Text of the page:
Some markers can be stinky. If you find some markers to be too strong, try low-odor markers or dry-erasable crayons.

Wipe things off when you are done for the day. Baby wipes work pretty well. If you get a dry-eraser marker stain, I hear rubbing alcohol work well for wiping things off.

Watch out for stains.

Should you stand up or sit down.
Some teachers like to stand up to get children's attention, but the same teacher might sit down next to the student to get to student's level. Or even let the children sit on the chair and teacher might sit on the floor to let students be higher than the teacher sometimes.
Or you might teach kids while you are driving the car, or while you are chasing your students at the park.

Whatever works.

What would you choose?
I love homeschooling so I choose homeschooling, but I think first, you might want to think about, can you afford this? And if not, how can you make it affordable – for example, you might look for ways to make money at home by selling something you do not need, or you might cut off your family budget by using coupons or buying in bulk (finding ways to save.) Net, you can look for more affordable curriculum vs. expensive ones to make homeschooling more affordable. There are free curriculum, or you can try buying used curriculum vs. new. You can also borrow from library.

Have fun.
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Old 02-10-2012, 12:13 PM   #19
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Re: HOW to do lessons?

I have an in-home daycare and have 4 kids that will go to Kindergarten in the fall, plus DS who just turned 4. We do school every day, but there is very little sitting at the table working (unless a child wants to). We sit on the floor for storytime. We have a wall calendar and each day add a number and do gross motor activities while counting up to that number. We chant words that start with the letter we're working on. We use our "magic writing finger" to "write" letters on the carpet while I model the letter on the whiteboard. We manipulate our fingers to try and make the different letters and so on.

As an example, for letter T, I would read a T story. I use Scholastic's AlphaTales (When Tilly Turtle Came To Tea), but any book that had T words would do (I'm sure your local library has intro ABC type books). Then we would find all the T words in the story and make exaggerated T sounds, like t-t-t-t-tea. We would do 10 toe touches or 20 tummy taps or whatever makes sense. The kids might lay on the floor and make the letter T and I take their picture so they can see it.

I love the sensory activities suggested by others. Activities the include pinching (like using tongs to pick up tiny toys), snipping (just cutting pieces of paper), and squishing (play-doh and the like) are excellent for building up those hand/finger muscles needed to have the strength to write letters.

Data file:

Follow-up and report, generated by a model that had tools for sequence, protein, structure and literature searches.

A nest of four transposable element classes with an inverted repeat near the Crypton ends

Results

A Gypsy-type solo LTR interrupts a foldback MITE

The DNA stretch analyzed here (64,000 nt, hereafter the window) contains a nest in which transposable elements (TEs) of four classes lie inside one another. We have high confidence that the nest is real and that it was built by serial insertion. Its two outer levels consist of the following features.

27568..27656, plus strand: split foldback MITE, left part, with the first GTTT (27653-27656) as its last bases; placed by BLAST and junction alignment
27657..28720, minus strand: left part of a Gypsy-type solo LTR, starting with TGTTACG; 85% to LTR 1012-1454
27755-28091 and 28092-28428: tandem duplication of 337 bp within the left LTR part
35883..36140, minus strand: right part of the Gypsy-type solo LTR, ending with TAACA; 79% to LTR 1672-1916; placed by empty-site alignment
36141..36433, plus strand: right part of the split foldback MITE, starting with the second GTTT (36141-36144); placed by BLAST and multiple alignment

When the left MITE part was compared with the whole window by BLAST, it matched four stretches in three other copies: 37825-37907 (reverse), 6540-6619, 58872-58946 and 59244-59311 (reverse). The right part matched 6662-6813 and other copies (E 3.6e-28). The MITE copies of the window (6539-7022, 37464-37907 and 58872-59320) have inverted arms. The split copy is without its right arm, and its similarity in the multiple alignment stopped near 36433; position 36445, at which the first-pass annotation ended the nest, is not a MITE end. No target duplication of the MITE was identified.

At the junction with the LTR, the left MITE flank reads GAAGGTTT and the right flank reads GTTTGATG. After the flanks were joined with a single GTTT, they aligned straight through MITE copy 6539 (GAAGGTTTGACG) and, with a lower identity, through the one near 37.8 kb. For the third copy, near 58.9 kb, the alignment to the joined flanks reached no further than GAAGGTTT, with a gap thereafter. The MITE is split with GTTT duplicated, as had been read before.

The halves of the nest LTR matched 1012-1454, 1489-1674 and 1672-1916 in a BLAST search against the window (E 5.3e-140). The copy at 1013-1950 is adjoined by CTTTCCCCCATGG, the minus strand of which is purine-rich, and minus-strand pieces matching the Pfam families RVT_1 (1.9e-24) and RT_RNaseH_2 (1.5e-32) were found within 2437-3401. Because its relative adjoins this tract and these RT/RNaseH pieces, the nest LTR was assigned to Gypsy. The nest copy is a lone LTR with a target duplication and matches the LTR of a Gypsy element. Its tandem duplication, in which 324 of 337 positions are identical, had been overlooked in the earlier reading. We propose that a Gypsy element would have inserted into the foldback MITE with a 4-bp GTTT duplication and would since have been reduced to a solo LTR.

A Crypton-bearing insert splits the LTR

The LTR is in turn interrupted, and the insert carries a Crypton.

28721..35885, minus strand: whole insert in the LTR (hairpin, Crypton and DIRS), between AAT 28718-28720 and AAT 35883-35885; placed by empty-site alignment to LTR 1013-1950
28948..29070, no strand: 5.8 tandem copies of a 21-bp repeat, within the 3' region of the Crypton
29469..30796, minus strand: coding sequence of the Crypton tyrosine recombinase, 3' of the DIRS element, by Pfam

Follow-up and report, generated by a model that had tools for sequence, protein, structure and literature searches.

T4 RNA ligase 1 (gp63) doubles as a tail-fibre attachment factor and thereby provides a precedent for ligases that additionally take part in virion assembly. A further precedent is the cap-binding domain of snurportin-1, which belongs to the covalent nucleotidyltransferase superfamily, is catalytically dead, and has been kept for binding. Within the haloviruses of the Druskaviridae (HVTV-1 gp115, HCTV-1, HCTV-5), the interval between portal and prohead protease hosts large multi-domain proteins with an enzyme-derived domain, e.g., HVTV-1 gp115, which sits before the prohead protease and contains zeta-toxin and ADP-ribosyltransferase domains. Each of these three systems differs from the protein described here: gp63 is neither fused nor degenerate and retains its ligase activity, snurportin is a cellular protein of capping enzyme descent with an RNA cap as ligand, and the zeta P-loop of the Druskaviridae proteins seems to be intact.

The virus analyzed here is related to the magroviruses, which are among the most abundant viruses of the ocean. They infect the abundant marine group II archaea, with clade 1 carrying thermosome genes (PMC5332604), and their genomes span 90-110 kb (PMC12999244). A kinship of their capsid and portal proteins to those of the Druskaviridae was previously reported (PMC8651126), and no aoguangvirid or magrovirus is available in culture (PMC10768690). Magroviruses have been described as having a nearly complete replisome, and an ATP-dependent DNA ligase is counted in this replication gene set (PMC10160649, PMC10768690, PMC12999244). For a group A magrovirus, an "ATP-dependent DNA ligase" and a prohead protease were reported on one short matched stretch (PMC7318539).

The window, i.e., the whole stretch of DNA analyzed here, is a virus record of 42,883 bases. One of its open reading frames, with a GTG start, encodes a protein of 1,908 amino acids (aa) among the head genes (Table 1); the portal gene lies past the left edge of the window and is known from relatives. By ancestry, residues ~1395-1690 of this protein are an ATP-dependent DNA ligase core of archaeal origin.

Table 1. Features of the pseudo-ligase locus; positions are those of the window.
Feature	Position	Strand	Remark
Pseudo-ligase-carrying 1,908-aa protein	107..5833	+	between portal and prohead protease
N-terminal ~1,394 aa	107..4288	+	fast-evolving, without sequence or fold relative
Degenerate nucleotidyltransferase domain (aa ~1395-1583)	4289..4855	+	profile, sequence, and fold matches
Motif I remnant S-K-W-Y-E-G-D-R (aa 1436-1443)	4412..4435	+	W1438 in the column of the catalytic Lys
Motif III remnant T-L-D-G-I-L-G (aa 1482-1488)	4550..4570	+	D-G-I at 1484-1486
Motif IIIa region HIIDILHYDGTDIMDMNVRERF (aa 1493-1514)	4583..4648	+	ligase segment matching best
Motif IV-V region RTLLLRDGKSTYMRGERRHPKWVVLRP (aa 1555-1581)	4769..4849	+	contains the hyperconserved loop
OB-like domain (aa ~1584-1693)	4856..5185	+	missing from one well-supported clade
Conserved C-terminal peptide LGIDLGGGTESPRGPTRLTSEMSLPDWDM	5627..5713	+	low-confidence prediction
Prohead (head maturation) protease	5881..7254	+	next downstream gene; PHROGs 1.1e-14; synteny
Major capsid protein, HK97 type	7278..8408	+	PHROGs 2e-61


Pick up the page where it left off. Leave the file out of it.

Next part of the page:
I agree with others that some things just probably aren't of interest to him right now. Also, not that this would help with any kind of decision you need to make, but school is 6+ months away. His interest and aptitude for "school work" could change drastically. When I started doing more "school" type things with the group I have now, one little guy was not ready-couldn't sit still at all, had NO interest in letters, numbers, sitting down to do anything. 6 months later, he knows all of his letters, puts puzzles together like a whiz and is working hard on his name (and doing very well considering getting him to even pick up a pencil last August was not happening).

I say just ignore his teacher. Do fun activities at home. Be silly and show him that he can have fun with you-don't stress the learning part. It will come.
Kristin, wife to Dan (16 years) , mom to Abby (14)
Emma (12) and Owen (7)
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Old 02-10-2012, 05:04 PM   #20
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Re: HOW to do lessons?

Here is what I do with my pre-k son. I also agree your son is not struggling and not being able to write at 4 is not a concern. My son just turned five and HATED even picking up a pencil, crayon, anything while he was 4. Here are the things we did for learning instead.

We played games, tons of tons of games. Things like Hi ho cherrio, old maid, candy land, yahtzee jr. We have leap frog games that have letters, such as alphabet old maid (he loves this game and it exposes him to letters).

There are tons of exercises that strengthen their fine motor skills to prepare them for writing. Here are some things we do
Play with playdough
writing in rice or salt box
shaving cream (writing) most preschoolers will try circles, shapes before their letters
lacing cards
dot to dot and mazes ( my son hates writing, but loves these and it uses the same muscles)
transferring pom poms with tweezers

I also gave him a blank journal and he likes doodling as long as it isn't forced.
He enjoys pouring water or transferring beans with a teaspoon.

We also READ all the time. I think this is huge. I would say put the workbooks away for awhile and read and play. Everything will fall into place.